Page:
SELECTED ARTICLE
Author
Dave Owen 
Article Title
Your Children Should Learn Vegetable Gardening 
Posted Date
2/25/2007 

If you can create a sense of nature, patience, and an appreciation of work they’ve done themselves in your children, you will have accomplished something great. This will have provided them one of the longest lasting gifts you could give them. One way to accomplish this is to encourage them to learn vegetable gardening. All that is needed is a small patch of earth, some seeds, and water. Some other things that may be added along the way will be wonder, laughter, and dirty faces.

All of this will be mixed together to provide a very memorable project and experience. Obviously, it is best to have your vegetable garden outside. That is if you have the space available. With a good shovel, you can cut an outline of the garden in the grass. Your child can then pull the sod away and set it aside it for composting. This will be another great lesson involving the cycle of nature that can be saved for another day. After you have bare earth, your child can help turn the soil with a spoon or trowel until it’s workable by hand. Have your child place the seeds on the top of the soil, cover lightly with earth, and add water. You have just taught your little one the basics of vegetable gardening!

How Can I have A Vegetable Garden In the City? Even if you do not have a backyard, you can do vegetable gardening. A perfect place for a container garden are apartment balconies. They will get plenty of sun and they will be pretty displays until the vegetables are ripe and ready for harvest. Rather than using plot of earth, your child can fill a container with soil you have purchased from the store. To provide for drainage, you can use a recycled margarine container. Punch holes in the bottom for drainage. Your child can sprinkle on seeds, cover lightly with soil and be responsible for watering the plants every day.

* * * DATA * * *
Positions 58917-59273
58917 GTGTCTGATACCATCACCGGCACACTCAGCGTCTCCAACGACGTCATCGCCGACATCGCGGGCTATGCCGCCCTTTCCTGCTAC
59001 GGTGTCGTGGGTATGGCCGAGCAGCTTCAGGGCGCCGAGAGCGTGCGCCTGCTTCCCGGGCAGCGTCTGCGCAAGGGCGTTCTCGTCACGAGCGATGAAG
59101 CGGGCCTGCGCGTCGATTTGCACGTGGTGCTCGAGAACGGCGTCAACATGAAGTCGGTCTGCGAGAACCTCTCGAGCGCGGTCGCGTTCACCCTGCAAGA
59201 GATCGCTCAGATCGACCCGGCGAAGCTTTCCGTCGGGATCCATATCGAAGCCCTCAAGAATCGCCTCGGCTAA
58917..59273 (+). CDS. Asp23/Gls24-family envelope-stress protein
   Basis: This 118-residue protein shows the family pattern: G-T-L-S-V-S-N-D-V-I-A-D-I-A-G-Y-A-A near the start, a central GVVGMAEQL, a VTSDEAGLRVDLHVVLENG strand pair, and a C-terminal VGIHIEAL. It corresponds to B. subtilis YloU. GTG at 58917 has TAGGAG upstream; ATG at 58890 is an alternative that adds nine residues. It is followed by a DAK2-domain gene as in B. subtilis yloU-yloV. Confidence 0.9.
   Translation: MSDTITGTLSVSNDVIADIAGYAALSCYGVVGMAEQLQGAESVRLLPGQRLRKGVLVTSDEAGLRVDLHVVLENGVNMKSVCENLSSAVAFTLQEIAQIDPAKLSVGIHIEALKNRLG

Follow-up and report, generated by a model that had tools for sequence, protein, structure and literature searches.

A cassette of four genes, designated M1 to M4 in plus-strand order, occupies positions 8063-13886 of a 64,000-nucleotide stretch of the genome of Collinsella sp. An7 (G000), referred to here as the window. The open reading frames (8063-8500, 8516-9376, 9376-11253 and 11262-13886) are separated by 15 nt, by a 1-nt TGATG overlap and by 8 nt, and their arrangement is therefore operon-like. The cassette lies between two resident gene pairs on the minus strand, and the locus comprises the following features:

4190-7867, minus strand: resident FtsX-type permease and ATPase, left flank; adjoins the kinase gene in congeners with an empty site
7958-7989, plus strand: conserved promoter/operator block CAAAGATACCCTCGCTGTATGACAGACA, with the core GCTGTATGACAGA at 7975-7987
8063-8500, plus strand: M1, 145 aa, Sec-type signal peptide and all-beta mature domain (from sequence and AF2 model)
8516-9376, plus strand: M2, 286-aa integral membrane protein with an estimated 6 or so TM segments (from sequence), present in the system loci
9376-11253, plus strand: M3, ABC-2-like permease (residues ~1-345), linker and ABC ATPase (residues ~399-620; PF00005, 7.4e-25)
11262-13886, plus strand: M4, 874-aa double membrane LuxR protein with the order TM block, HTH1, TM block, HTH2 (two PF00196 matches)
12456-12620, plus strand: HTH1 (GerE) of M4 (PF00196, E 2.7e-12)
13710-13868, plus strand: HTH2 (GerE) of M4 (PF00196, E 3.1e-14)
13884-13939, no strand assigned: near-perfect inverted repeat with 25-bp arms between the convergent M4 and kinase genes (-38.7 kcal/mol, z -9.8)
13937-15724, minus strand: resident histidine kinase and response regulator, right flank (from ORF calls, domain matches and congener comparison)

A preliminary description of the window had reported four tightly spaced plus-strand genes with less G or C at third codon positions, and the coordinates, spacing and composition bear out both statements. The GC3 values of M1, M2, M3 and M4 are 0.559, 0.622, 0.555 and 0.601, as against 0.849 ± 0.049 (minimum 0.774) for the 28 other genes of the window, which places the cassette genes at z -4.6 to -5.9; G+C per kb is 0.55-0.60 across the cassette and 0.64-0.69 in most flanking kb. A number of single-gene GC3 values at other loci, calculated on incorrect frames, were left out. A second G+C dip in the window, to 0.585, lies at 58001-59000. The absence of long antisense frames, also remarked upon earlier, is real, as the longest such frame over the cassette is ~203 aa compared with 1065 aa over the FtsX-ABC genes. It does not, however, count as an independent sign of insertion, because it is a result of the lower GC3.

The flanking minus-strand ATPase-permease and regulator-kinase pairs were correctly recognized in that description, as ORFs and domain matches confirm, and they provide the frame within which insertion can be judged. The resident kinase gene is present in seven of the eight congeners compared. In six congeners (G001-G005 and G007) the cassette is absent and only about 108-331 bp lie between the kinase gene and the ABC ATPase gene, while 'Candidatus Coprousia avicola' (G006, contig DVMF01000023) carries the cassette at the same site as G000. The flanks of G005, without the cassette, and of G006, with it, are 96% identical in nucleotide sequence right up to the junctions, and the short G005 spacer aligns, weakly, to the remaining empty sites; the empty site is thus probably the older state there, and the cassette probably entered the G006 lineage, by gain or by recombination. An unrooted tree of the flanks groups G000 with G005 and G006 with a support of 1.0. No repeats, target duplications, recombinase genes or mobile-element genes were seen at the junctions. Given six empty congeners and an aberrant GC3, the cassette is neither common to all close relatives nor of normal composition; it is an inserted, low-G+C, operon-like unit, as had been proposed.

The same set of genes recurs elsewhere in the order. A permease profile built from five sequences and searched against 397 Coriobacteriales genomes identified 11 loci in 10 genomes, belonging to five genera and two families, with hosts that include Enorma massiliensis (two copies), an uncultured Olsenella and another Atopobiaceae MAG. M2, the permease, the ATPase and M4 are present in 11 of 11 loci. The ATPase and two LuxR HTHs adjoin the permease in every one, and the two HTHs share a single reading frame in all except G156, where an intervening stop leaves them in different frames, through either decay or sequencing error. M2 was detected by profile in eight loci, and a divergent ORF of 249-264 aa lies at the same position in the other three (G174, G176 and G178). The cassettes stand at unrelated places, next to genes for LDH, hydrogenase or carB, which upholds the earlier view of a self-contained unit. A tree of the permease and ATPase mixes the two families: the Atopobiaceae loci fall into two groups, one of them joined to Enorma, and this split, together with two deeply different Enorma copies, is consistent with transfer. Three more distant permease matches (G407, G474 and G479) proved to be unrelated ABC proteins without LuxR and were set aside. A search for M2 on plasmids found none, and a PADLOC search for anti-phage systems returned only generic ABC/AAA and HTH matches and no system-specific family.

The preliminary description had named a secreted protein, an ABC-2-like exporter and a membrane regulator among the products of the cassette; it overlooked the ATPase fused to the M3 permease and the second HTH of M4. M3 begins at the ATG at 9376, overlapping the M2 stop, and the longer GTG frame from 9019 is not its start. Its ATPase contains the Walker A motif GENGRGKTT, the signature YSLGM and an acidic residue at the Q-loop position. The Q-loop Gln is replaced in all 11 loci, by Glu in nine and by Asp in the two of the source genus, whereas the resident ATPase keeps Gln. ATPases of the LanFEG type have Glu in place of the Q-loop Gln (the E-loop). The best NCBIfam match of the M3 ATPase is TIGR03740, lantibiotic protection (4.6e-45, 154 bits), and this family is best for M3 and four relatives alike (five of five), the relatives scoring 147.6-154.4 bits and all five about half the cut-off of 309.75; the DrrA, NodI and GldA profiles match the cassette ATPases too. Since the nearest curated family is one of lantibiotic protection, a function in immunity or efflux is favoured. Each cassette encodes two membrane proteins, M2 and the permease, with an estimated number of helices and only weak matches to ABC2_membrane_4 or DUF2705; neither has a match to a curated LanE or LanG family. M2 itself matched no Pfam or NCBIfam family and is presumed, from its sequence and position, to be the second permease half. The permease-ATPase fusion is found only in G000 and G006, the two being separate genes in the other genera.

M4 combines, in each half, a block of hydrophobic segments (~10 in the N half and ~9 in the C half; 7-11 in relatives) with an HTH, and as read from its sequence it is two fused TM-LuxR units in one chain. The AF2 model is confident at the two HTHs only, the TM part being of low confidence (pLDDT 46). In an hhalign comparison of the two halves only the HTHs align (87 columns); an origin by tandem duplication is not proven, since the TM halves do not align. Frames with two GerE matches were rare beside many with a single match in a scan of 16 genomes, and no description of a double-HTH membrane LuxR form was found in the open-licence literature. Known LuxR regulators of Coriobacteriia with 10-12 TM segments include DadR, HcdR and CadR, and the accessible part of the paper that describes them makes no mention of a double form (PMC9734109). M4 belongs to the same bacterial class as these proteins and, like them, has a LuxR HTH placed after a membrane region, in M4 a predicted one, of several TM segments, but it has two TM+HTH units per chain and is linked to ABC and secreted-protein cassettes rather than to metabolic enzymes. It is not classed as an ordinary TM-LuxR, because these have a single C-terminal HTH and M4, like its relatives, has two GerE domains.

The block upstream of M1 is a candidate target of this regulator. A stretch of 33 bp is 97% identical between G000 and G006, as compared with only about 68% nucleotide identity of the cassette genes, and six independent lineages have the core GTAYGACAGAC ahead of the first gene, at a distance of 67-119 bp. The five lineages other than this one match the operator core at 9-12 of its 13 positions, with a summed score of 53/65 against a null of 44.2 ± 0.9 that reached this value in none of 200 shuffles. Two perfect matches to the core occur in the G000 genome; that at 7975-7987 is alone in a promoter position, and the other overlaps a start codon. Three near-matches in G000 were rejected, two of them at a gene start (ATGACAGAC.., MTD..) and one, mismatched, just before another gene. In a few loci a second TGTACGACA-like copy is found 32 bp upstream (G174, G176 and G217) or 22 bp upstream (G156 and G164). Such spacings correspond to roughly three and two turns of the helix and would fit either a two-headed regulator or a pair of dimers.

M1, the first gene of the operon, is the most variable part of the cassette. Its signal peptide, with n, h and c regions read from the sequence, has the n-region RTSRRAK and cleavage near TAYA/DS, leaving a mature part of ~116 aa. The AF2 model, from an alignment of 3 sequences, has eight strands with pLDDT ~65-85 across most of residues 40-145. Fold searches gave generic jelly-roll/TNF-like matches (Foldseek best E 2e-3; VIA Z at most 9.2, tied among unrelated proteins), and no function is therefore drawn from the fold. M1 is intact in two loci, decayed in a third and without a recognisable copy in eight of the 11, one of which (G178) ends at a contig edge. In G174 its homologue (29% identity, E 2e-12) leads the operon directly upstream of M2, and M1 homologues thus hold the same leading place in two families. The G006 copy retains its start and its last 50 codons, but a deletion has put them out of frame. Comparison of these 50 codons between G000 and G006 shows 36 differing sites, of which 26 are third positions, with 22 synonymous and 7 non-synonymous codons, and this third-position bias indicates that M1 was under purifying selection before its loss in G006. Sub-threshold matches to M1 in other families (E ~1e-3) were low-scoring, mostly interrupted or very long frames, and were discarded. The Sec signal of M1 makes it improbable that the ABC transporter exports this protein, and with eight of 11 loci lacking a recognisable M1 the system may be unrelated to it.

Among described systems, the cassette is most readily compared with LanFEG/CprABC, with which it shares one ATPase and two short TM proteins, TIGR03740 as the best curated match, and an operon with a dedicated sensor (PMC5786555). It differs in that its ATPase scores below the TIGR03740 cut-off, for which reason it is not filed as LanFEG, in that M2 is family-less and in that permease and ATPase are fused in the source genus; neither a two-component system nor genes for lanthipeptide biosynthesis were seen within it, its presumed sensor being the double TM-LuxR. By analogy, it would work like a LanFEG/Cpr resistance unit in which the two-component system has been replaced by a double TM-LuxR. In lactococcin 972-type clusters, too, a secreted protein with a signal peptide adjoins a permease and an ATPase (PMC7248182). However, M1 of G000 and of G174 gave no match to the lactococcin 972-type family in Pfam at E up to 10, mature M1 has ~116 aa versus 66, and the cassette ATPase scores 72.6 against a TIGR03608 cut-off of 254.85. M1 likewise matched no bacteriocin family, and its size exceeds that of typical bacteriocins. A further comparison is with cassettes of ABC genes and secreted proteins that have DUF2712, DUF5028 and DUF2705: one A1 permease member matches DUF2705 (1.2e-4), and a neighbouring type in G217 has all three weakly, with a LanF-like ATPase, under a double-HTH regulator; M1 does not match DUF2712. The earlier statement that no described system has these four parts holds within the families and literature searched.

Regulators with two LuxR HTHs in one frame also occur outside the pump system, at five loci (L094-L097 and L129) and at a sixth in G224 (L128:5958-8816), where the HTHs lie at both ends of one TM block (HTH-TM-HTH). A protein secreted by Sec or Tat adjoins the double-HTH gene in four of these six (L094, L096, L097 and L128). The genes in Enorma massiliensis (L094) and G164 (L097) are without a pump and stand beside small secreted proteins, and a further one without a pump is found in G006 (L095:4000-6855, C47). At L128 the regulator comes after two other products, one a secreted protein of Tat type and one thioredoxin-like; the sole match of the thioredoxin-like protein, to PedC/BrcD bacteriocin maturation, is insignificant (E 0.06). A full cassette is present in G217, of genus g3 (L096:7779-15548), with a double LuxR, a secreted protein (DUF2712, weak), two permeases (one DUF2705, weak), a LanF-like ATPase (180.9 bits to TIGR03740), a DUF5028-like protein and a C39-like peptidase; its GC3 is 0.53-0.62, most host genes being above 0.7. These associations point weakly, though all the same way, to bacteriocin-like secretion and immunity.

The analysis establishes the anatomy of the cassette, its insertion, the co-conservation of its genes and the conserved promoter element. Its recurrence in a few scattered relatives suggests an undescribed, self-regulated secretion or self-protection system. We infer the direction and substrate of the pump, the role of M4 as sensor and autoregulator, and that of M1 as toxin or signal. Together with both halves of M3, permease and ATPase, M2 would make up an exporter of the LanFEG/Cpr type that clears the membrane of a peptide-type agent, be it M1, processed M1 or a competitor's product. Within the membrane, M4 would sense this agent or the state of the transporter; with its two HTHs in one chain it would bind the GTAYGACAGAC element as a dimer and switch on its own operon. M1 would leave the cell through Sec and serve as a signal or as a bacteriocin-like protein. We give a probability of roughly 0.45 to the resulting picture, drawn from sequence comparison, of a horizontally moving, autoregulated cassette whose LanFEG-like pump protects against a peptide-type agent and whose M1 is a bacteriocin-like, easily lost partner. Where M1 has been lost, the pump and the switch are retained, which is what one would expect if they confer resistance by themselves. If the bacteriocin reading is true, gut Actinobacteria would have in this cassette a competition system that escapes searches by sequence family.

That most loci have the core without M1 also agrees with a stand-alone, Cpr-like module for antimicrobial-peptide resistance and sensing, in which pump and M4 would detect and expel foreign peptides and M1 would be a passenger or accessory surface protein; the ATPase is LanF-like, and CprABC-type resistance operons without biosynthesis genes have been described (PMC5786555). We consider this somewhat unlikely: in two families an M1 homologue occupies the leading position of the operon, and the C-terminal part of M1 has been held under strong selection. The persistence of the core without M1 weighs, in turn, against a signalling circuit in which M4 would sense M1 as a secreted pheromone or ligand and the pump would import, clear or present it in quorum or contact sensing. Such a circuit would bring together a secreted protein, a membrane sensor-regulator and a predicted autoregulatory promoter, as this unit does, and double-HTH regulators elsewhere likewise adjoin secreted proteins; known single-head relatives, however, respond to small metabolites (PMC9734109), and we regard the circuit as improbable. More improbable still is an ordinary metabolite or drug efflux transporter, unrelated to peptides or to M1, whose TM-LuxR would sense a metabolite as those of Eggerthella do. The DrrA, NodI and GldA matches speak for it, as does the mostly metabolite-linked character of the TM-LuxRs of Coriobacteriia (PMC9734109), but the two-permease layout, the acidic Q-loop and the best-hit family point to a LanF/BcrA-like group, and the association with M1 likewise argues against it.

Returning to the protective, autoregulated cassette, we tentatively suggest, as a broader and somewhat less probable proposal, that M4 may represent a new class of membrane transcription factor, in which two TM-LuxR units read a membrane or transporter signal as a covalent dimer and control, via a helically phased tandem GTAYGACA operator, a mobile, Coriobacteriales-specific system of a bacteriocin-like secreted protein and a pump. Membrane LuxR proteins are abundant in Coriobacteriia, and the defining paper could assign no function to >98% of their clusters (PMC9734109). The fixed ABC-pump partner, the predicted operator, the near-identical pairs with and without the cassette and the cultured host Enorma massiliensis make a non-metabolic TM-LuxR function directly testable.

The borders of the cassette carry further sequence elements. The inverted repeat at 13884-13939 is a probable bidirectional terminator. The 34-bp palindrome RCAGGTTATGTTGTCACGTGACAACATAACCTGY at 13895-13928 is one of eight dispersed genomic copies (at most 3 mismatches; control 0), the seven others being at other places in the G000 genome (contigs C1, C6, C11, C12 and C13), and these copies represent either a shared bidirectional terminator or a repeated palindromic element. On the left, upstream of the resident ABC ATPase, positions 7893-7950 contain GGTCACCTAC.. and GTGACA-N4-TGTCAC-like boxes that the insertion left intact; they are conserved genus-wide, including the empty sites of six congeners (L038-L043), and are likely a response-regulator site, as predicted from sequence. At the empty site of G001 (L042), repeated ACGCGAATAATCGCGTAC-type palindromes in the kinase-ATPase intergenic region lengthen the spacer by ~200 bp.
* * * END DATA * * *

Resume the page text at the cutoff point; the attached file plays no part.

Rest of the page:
Vegetable gardening can help teache children patience. This is because they have to wait for the seeds to sprout. Once the plant has broken above the soil, they can watch the daily growth of the sprouts. They can follow the growth until the plants are full sized. Because this can be a long process for little kids that may have short attention spans, you might plant something new every week. This will keep them entertained for the whole summer. After the plants have bloomed, you and your child can read about how they will soon grow food. Your kids will be excited to finally see little red tomatoes or green peppers appear on their plant. It can be a satisfying experience for the children of today’s throwaway society.

Returning to the olden days, when we raised our own fruits and vegetables. Not just for the hard work but for the feeling of accomplishment. When children know that what we buy in the store is not the only option as to how we get our food instils a sense of responsibility. They will carry this feeling and knowledge with them all their lives. As they grow older, they will think back on their vegetable gardening with fond memories. And they will probably share the experience with their own children.

References
Dave Owen is the owner of My Garden, where you can learn with me as I create a new garden… 
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